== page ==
April 3rd, 2007

Chris Keeley

How Bogus Letter Became a Case for War

How Bogus Letter Became a Case for War
Intelligence Failures Surrounded Inquiry on Iraq-Niger Uranium Claim

By Peter Eisner
Washington Post Staff Writer
Tuesday, April 3, 2007; A01

It was 3 a.m. in Italy on Jan. 29, 2003, when President Bush in Washington began reading his State of the Union address that included the now famous -- later retracted -- 16 words: "The British Government has learned that Saddam Hussein recently sought significant quantities of uranium from Africa."
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Chris Keeley

Criteria for Depression Are Too Broad, Researchers Say

Criteria for Depression Are Too Broad, Researchers Say
Guidelines May Encompass Many Who Are Just Sad

By Shankar Vedantam
Washington Post Staff Writer
Tuesday, April 3, 2007; A02

 

Up to 25 percent of people in whom psychiatrists would currently diagnose depression may only be reacting normally to stressful events such as a divorce or losing a job, according to a new analysis that reexamined how the standard diagnostic criteria are used.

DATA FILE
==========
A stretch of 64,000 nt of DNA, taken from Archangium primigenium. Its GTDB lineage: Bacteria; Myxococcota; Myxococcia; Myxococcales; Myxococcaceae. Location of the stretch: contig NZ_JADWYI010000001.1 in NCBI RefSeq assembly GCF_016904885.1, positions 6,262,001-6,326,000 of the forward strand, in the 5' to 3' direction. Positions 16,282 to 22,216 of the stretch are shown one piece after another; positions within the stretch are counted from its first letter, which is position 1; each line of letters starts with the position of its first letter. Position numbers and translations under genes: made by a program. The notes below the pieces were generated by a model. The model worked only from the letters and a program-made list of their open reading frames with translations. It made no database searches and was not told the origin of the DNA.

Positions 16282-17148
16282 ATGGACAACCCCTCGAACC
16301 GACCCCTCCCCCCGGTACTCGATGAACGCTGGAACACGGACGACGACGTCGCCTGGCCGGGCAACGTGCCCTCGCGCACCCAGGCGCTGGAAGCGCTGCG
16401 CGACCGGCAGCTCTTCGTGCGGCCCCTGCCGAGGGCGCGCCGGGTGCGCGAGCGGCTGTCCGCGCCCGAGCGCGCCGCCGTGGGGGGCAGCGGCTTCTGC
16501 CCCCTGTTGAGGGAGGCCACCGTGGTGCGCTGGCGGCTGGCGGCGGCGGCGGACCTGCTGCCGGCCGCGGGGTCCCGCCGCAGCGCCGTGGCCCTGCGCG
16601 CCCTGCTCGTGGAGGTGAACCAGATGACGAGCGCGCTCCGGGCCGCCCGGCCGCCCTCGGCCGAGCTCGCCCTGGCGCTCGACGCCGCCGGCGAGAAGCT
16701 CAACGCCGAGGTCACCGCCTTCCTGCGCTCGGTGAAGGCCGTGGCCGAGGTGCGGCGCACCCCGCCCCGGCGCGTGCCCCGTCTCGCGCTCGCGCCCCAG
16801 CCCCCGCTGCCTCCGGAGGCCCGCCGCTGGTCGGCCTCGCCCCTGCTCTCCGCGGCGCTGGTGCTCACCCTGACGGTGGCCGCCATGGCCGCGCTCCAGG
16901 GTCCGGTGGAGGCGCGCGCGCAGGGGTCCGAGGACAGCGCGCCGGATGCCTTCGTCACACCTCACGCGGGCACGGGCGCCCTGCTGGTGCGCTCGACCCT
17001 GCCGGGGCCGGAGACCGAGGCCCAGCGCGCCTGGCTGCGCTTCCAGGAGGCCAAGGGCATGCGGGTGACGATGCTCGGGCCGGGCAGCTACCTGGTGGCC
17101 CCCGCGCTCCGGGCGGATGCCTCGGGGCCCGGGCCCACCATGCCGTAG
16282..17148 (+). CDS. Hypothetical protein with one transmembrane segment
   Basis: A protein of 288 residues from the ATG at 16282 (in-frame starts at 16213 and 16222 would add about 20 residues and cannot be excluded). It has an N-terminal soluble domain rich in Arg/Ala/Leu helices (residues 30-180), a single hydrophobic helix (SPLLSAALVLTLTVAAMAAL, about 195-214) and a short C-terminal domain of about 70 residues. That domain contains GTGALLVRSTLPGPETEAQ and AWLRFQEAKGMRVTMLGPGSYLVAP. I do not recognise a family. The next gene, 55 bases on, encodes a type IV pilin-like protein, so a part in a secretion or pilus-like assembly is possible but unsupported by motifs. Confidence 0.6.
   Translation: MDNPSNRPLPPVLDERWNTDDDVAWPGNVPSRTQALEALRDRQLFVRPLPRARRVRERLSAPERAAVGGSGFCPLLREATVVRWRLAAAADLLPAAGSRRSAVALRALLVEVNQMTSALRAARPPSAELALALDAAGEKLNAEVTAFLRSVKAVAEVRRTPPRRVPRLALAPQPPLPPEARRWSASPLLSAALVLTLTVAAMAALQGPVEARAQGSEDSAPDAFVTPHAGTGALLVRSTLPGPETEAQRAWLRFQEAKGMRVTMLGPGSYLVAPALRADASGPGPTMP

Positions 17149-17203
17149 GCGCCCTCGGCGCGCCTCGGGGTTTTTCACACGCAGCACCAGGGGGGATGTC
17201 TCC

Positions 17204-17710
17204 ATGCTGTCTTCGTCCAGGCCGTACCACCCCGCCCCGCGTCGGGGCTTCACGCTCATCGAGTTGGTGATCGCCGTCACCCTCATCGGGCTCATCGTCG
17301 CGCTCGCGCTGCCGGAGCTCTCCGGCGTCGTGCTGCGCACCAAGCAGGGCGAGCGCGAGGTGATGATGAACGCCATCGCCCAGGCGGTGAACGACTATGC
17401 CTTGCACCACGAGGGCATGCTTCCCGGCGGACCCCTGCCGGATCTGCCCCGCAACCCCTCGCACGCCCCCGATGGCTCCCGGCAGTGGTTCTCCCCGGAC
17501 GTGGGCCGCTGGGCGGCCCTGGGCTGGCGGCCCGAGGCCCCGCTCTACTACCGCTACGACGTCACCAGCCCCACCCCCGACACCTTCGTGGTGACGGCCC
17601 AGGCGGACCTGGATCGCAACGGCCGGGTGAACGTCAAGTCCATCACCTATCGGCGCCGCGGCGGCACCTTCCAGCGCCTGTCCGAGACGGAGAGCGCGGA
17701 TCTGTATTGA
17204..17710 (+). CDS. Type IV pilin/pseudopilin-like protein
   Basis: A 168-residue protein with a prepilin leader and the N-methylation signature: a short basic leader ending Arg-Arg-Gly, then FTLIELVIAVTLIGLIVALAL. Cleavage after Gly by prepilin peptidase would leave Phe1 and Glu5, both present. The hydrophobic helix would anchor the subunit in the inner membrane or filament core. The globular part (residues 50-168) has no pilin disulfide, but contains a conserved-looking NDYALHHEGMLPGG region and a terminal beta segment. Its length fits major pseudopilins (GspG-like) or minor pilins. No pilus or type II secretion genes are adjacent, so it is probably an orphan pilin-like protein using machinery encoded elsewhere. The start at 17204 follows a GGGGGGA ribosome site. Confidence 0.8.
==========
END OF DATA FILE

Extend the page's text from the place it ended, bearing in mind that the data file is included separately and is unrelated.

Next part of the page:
The finding could have far-reaching consequences for the diagnosis of depression, the growing use of symptom checklists to identify those who may be depressed, and the $12 billion-a-year U.S. market for antidepressant drugs.

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Chris Keeley

Take Your Pills, and I'll Call You in the Morning

Take Your Pills, and I'll Call You in the Morning
Phone Therapy Plus Pills Lifts Depression Better Than Meds Alone, Study Finds

By Jennifer Huget
Special to The Washington Post
Tuesday, April 3, 2007; HE01

 

Can psychotherapists just phone it in?